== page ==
I think another thing we sort of have going against us is what I like to call "ticking clock syndrome". We're conditioned to wait until, what...our 30's now? ("Your 30's are the new's 20's") Even older? So, we become set in our ways, "successful" and then we try to add in the last element OMGRIGHTAWAY. I think this delaying of "settling" does 2 things: it makes people rush into things and it makes people sort of glorify settling down. No. Settling down with someone is HARD. Serious relationships are WORK. Anyone who says differently is selling something. You have to deal with someone at their absolute worst, while maintaining that love and devotion. And you both have to eliminate that trap door in the relationship. My personal belief is that, for me, I'd only be comfortable getting a divorce if I were being abused or REPEATEDLY cheated on.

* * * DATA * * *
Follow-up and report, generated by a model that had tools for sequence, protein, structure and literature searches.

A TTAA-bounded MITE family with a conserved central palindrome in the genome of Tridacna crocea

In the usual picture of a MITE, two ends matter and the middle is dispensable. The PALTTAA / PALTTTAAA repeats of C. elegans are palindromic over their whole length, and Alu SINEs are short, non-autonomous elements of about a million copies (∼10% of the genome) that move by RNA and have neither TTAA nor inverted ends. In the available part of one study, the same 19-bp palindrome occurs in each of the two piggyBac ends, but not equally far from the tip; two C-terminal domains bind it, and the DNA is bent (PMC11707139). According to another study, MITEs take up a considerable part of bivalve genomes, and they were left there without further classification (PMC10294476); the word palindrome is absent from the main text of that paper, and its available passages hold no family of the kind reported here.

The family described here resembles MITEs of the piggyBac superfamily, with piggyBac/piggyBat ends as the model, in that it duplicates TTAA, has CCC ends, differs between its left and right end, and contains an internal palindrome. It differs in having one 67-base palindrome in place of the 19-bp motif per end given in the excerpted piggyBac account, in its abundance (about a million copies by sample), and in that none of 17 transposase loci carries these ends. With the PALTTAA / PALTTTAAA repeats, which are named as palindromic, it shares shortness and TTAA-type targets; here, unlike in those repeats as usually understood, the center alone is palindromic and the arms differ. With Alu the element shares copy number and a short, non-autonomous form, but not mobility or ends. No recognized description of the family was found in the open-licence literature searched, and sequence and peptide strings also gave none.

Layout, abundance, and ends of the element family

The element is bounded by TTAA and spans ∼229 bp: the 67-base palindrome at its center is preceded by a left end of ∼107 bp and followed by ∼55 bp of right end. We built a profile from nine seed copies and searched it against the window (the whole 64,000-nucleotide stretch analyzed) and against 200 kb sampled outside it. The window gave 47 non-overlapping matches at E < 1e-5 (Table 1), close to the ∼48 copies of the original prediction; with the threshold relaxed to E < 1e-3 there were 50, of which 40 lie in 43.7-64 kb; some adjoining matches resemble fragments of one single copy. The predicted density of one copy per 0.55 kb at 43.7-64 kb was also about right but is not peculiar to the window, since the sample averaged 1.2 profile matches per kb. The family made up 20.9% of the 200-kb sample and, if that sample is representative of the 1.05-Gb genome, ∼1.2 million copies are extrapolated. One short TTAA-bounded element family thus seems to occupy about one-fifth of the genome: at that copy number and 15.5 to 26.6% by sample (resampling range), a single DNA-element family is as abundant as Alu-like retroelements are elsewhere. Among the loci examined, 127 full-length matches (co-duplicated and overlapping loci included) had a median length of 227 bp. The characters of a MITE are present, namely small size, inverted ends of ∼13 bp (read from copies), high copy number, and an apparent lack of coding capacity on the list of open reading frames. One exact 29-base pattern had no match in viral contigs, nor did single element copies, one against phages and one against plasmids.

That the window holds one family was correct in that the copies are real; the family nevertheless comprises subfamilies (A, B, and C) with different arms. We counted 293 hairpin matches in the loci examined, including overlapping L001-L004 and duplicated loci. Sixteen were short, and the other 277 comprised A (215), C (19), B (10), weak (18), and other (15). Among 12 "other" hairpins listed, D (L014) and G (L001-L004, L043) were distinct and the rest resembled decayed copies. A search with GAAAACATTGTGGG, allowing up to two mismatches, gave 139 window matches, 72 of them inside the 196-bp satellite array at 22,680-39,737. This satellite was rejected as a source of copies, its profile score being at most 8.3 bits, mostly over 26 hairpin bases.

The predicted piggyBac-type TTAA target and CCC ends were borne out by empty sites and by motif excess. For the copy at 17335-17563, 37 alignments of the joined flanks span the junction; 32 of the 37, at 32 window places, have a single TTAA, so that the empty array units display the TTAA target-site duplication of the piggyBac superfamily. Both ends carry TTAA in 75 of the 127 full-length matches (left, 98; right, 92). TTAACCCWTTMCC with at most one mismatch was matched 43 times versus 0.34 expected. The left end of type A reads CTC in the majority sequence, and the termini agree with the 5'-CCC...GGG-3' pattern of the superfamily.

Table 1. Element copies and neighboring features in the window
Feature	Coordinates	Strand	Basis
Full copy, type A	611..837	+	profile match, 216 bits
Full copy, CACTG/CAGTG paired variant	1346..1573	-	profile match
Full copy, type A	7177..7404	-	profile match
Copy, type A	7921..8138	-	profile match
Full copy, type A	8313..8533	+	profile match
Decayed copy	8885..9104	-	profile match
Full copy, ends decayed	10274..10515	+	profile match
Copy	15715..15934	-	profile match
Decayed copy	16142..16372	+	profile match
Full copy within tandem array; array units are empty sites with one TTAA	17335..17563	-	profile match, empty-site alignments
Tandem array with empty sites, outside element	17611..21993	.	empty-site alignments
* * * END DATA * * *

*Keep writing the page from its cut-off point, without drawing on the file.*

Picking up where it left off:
post #27 of 29
Im currently in the process of getting divorced. Not by choice hubby left me because he decided he didnt like being married. Im still not over it but theres not much I can do about it.
post #28 of 29
I'm amazed to see the rationality and openness that you people are illuminating.

Truly inspiring. I just wish more people would be as courageous as you are to take the steps you've taken.
post #29 of 29
Originally Posted by Fostermomm View Post
Im currently in the process of getting divorced. Not by choice hubby left me because he decided he didnt like being married. Im still not over it but theres not much I can do about it.
Ooooo...I'm so sorry to hear that